The number of academic hospitalists in the United States has grown rapidly, but few data exist regarding this workforce. We describe the current demographics, academic productivity, and promotion rates among academic hospitalists.
We performed a cross‐sectional e‐mail survey of academic hospitalists at 17 U.S. medical centers. We used simple statistics to describe responses to questions and carried out multivariable models to determine factors associated with reports of academic productivity, satisfaction, and burnout.
The survey was completed by 266 of 420 hospitalists (63%). Fifty‐four of the respondents were male, 12% were hospitalist group leaders, 82% worked at a university hospital, 92% trained in internal medicine, 17% were hired within the past 6 months, and 54% felt that their residency training adequately prepared them for a career in academic medicine. Most were less than 40 years old and more than half had been in academic medicine fewer than 5 years. Respondents identified their primary nonclinical role as non‐teaching (12%), investigator (12%), administrator (13%), and educator (64%). Fifty‐seven percent reported having 20% or less of work time protected for scholarly activity, and 20% spent more than 80% of their time performing patient care on nonteaching clinical services. Fifty‐one percent, 74%, and 76% had never first‐authored a peer‐reviewed publication, presented medical grand rounds locally, or presented grand rounds at another institution, respectively. Seventy‐five percent and 44% had not led a teaching session or presented an oral abstract or poster at a national meeting. Of the respondents, 62% and 67% felt confident in their teaching ability and their learner evaluation skills, respectively. Forty‐two percent of academic hospitalists reported having a mentor. Of the respondents, 31%, 53%, 10%, and 4% were at the instructor, assistant professor, associate professor, or professor level, respectively (1 % adjunct faculty). Thirty‐five percent rated their understanding of the criteria for promotion as fair or poor, including those promoted. After adjustment in multivariable models, 20% or more protected time was associated with publication success. Clinician investigators reported fewer barriers to academic success, although few hospitalists of any career path (investigator, educator, administrator) were promoted to full professor.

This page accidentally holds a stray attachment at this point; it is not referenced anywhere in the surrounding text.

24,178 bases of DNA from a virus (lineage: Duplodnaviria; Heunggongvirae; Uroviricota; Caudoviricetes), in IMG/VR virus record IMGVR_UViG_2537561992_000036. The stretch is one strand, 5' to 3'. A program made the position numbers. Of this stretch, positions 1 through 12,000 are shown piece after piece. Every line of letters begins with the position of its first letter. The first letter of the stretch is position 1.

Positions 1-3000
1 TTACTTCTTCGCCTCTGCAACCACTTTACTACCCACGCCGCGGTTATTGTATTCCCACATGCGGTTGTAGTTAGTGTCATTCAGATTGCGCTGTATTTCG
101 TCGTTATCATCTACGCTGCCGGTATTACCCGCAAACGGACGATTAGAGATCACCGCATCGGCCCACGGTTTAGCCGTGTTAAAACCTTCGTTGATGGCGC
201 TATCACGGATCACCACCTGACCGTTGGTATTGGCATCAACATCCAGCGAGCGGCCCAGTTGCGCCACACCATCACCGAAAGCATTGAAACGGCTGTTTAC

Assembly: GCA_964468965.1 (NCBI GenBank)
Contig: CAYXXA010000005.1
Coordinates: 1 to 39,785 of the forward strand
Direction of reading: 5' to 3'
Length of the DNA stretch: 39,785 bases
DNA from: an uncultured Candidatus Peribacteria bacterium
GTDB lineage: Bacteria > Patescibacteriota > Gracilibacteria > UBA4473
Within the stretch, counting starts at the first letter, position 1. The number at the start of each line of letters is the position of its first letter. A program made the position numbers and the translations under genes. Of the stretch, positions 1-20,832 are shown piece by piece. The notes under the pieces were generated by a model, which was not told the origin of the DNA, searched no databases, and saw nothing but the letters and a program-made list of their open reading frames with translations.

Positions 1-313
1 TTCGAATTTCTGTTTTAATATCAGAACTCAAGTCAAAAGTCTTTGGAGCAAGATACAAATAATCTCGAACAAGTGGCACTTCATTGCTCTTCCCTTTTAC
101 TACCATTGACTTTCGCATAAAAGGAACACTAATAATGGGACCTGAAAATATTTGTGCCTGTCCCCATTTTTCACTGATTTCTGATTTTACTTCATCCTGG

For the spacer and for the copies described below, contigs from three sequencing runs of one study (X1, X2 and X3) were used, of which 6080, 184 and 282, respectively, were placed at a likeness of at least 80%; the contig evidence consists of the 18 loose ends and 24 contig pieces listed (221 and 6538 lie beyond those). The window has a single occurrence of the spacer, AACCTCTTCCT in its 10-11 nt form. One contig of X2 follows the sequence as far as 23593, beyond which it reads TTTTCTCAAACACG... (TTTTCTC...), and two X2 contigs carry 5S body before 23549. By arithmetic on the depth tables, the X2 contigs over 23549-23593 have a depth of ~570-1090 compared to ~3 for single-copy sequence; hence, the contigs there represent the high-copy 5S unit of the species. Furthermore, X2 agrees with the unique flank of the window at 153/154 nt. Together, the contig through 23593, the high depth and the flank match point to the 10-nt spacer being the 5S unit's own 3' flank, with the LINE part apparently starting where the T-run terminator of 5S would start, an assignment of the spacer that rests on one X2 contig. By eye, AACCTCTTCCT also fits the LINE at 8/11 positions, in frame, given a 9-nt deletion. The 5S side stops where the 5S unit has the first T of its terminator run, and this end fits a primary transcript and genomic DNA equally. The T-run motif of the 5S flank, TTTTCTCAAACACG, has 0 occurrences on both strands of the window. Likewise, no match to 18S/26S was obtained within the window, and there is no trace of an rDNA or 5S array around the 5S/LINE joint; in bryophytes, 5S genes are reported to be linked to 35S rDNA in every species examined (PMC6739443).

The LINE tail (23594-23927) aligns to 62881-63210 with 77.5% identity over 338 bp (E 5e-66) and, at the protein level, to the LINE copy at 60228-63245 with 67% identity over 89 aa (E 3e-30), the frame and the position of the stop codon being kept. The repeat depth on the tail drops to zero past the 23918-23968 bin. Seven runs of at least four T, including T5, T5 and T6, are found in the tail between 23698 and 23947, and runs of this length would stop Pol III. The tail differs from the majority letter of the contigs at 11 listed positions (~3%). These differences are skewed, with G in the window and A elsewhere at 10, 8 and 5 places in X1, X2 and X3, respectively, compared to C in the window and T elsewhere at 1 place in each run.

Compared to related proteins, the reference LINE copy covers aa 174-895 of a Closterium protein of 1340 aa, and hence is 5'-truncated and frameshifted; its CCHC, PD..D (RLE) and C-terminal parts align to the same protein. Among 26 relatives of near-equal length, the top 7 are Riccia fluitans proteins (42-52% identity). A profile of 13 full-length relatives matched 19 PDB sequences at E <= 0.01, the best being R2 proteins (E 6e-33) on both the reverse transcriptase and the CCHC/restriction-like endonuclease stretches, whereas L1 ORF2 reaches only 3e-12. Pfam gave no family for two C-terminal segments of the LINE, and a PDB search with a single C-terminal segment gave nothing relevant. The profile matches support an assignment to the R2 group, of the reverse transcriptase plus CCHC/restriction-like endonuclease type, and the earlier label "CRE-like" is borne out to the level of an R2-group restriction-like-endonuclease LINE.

A substantial number of hospitalists trained in internal medicine and working in university hospitals lack teaching and academic skills. As a result, traditional early career goals essential to promotion, (presenting at national meetings, publishing, and teaching experiences) are lacking. These findings suggest that improving mentorship and early career support for academic hospitalists may improve the likelihood of academic success among junior faculty.
M. Reid, none; G. Misky, none; R, Harrison, none; A. Auerbach, none; J. Glasheen, none.